Also while in high school, I was fortunate enough to work for the first commercial Internet provider in the area, doing everything from technical support to rebooting the servers. Not only that, but I also worked for the area newspaper of record, helping implement and update the first incarnation of its Web site. I also wrote articles that explained how to use various aspects of the Internet.
In addition to what I did during high school, I am also a prior service member in the U.S. Army. Although I am not a veteran in the sense that the word means, I do have a DD-214 that shows that I did serve my country in 1999, albeit for 44 days. I was not discharged dishonorably, but for a medical condition that the doctor at MEPS almost caught but waved me on. The doctor at Fort Benning found it, and away I went.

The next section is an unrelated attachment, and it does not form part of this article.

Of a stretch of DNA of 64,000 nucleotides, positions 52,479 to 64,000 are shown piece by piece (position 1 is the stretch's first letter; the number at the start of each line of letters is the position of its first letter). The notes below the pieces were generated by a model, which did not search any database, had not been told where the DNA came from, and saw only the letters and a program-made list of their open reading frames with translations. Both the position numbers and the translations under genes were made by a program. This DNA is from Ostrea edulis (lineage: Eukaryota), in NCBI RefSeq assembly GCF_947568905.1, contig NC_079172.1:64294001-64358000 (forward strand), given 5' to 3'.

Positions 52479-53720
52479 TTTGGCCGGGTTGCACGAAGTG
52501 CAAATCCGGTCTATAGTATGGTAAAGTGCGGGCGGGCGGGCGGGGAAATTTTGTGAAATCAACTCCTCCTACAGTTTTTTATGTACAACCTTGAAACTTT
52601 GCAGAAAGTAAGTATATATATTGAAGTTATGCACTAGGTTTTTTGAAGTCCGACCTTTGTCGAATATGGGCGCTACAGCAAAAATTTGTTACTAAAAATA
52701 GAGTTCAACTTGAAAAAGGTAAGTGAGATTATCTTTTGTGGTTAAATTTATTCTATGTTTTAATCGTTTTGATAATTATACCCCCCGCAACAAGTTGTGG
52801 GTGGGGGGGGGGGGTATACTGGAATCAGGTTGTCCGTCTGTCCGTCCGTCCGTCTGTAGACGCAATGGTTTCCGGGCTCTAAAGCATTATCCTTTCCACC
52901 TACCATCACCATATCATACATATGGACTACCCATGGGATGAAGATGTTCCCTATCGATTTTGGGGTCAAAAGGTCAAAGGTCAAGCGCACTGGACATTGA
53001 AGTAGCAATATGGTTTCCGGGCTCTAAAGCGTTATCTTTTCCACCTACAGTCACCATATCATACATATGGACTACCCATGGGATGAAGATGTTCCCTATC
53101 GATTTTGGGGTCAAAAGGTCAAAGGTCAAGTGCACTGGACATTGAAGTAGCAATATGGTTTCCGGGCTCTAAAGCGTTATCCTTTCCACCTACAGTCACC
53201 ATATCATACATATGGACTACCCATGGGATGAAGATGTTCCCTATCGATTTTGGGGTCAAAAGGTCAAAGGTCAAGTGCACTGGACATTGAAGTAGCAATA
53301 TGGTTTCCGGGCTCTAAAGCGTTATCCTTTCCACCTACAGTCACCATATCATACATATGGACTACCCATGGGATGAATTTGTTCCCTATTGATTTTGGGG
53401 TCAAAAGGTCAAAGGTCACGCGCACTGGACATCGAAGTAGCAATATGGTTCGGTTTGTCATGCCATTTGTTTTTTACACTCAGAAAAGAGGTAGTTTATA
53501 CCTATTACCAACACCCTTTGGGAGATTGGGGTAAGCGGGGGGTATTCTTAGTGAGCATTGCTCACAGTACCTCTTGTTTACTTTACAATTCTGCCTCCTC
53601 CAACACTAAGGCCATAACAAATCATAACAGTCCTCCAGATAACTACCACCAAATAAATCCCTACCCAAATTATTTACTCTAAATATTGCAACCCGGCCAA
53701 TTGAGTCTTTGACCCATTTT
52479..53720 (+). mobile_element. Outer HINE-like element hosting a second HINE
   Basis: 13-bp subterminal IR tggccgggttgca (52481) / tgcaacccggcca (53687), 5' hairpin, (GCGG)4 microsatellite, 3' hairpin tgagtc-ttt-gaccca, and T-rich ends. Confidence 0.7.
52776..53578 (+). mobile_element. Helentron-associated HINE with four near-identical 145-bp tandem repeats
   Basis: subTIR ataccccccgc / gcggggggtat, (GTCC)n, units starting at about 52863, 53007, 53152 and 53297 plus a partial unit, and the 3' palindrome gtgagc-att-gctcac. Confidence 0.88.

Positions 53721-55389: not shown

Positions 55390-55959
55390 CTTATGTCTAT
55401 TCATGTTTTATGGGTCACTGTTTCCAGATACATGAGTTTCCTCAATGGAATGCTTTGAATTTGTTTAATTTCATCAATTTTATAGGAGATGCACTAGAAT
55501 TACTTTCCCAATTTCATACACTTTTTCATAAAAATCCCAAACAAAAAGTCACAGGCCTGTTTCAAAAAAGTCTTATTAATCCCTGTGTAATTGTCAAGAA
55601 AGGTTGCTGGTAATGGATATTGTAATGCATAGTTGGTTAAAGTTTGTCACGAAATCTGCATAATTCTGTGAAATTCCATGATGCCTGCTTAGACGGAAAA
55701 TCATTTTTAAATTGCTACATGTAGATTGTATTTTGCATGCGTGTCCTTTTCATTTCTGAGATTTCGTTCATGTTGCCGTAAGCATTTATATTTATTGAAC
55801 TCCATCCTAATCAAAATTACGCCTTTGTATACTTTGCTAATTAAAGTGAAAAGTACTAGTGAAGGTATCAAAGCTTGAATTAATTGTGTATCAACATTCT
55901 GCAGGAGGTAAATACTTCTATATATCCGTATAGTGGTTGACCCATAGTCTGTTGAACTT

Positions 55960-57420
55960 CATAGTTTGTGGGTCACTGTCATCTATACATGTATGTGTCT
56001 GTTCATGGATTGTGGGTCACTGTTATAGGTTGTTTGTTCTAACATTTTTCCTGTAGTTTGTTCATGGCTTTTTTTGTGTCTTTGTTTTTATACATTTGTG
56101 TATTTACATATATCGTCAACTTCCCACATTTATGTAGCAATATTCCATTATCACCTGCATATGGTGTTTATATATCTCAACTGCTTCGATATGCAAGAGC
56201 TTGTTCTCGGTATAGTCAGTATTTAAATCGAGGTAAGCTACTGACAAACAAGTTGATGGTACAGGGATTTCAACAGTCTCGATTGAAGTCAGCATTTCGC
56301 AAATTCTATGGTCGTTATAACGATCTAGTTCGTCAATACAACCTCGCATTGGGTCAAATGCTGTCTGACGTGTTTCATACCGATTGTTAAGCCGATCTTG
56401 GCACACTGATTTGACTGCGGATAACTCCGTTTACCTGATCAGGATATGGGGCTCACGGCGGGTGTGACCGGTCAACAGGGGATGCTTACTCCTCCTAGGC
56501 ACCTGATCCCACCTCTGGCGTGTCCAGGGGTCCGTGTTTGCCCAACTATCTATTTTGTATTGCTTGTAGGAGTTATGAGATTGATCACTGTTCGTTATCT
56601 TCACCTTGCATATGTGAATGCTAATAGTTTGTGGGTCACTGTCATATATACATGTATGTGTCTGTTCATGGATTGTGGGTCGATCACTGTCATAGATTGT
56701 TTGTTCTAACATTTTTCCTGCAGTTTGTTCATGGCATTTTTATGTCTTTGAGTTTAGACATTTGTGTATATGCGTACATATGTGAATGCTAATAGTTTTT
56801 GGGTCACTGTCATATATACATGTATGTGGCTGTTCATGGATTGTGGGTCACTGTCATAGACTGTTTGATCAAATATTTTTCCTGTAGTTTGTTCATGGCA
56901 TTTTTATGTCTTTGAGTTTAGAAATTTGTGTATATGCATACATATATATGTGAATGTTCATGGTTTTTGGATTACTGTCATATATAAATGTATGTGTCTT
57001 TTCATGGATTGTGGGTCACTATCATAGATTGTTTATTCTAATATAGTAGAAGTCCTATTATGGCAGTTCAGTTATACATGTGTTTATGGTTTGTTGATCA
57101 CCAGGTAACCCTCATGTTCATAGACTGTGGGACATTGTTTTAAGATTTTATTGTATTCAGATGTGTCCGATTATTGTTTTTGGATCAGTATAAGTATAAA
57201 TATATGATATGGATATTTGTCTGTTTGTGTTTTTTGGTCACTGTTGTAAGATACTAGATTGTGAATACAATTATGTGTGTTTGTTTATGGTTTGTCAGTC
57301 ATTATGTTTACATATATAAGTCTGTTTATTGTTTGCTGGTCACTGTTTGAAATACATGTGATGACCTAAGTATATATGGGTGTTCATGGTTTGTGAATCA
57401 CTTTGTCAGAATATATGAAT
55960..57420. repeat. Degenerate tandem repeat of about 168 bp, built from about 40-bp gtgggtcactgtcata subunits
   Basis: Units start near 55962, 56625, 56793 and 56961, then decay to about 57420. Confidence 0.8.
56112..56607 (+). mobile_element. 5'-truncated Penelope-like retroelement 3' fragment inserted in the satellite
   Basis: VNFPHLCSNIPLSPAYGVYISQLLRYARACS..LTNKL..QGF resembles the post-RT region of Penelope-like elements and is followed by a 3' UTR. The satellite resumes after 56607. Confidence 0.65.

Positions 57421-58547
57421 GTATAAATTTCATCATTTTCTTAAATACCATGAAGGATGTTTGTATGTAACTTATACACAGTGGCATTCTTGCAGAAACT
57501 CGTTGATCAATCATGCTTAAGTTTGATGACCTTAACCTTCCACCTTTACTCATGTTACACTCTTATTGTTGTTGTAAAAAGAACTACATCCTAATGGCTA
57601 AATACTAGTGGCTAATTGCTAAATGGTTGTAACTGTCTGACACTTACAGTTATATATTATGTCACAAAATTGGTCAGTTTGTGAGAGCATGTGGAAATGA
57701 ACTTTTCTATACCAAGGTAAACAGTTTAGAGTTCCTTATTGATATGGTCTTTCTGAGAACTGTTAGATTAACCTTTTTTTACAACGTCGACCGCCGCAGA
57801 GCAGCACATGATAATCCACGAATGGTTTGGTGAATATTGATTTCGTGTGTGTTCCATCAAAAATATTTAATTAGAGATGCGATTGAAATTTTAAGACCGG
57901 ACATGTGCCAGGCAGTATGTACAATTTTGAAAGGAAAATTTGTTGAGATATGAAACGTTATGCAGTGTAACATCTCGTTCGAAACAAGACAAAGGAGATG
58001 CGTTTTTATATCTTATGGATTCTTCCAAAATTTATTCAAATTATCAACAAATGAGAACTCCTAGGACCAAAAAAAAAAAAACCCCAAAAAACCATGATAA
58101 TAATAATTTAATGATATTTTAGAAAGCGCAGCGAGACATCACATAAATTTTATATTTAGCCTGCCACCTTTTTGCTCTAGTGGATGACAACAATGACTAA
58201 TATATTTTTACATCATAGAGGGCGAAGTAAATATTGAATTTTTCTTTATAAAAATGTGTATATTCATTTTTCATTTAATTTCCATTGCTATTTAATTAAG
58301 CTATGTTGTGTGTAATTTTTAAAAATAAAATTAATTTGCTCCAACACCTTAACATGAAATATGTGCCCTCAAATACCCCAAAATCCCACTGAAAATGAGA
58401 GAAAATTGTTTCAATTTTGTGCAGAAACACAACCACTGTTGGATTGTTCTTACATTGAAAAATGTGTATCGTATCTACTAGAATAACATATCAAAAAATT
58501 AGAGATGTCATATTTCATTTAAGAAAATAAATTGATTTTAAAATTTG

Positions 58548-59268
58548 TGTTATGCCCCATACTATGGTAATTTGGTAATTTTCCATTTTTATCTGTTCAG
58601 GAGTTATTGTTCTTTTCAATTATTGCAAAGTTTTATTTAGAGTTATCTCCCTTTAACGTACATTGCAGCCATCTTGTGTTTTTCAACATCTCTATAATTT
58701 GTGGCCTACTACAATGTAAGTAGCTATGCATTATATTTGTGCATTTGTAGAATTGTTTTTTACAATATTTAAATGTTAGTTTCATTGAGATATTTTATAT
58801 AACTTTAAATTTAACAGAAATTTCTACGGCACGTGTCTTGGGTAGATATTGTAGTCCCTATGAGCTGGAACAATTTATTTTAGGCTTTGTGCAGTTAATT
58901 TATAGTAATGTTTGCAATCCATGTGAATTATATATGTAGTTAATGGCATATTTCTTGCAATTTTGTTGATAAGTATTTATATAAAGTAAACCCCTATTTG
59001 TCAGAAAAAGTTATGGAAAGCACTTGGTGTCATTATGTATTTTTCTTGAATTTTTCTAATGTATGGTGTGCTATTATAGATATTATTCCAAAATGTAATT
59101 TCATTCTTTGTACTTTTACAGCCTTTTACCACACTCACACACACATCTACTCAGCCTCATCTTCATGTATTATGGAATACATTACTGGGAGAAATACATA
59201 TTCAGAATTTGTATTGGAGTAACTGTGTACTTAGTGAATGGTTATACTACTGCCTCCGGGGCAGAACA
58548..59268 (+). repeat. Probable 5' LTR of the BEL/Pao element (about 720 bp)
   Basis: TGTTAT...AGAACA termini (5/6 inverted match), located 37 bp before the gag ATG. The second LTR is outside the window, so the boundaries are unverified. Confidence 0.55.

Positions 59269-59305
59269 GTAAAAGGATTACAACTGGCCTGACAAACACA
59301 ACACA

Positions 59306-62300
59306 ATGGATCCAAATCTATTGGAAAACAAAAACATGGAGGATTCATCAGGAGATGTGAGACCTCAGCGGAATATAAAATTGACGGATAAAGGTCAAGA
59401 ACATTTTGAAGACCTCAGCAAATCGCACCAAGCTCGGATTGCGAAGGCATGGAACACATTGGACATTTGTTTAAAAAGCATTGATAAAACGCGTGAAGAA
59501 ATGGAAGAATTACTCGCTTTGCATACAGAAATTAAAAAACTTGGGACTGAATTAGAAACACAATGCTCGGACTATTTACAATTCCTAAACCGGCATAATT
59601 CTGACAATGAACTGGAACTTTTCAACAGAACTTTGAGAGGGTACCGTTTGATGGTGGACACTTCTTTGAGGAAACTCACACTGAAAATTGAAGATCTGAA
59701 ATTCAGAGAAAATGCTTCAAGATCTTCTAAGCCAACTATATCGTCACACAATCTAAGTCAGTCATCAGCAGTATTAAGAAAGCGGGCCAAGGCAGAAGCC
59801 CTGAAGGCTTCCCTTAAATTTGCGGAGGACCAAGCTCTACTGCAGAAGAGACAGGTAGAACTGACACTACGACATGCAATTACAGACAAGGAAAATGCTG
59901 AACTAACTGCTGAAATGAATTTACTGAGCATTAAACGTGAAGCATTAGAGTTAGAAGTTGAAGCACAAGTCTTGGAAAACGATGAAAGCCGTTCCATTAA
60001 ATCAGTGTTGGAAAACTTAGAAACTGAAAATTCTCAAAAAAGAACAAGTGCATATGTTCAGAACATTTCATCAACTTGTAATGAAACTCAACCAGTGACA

But do not tell me that I was never a soldier. Do not tell me I did not serve my country. My way of serving may have been cutting stencils for soldiers' backpacks, talking soldiers who wanted to run away from doing so, running office errands for the captain and drill sergeants and so forth, but at least I tried.
And I will say this: had I made it through basic training and had I been called upon to serve on the battlefield, I would have done so, even if it meant making the ultimate sacrifice for America. With no disrespect to those who chose not to join the military--it is not for everyone and I respect that--people can mock me all they wish for "washing out" of the Army. But I find most of the mocking comes from cowards too yellow-bellied to even make the attempt themselves.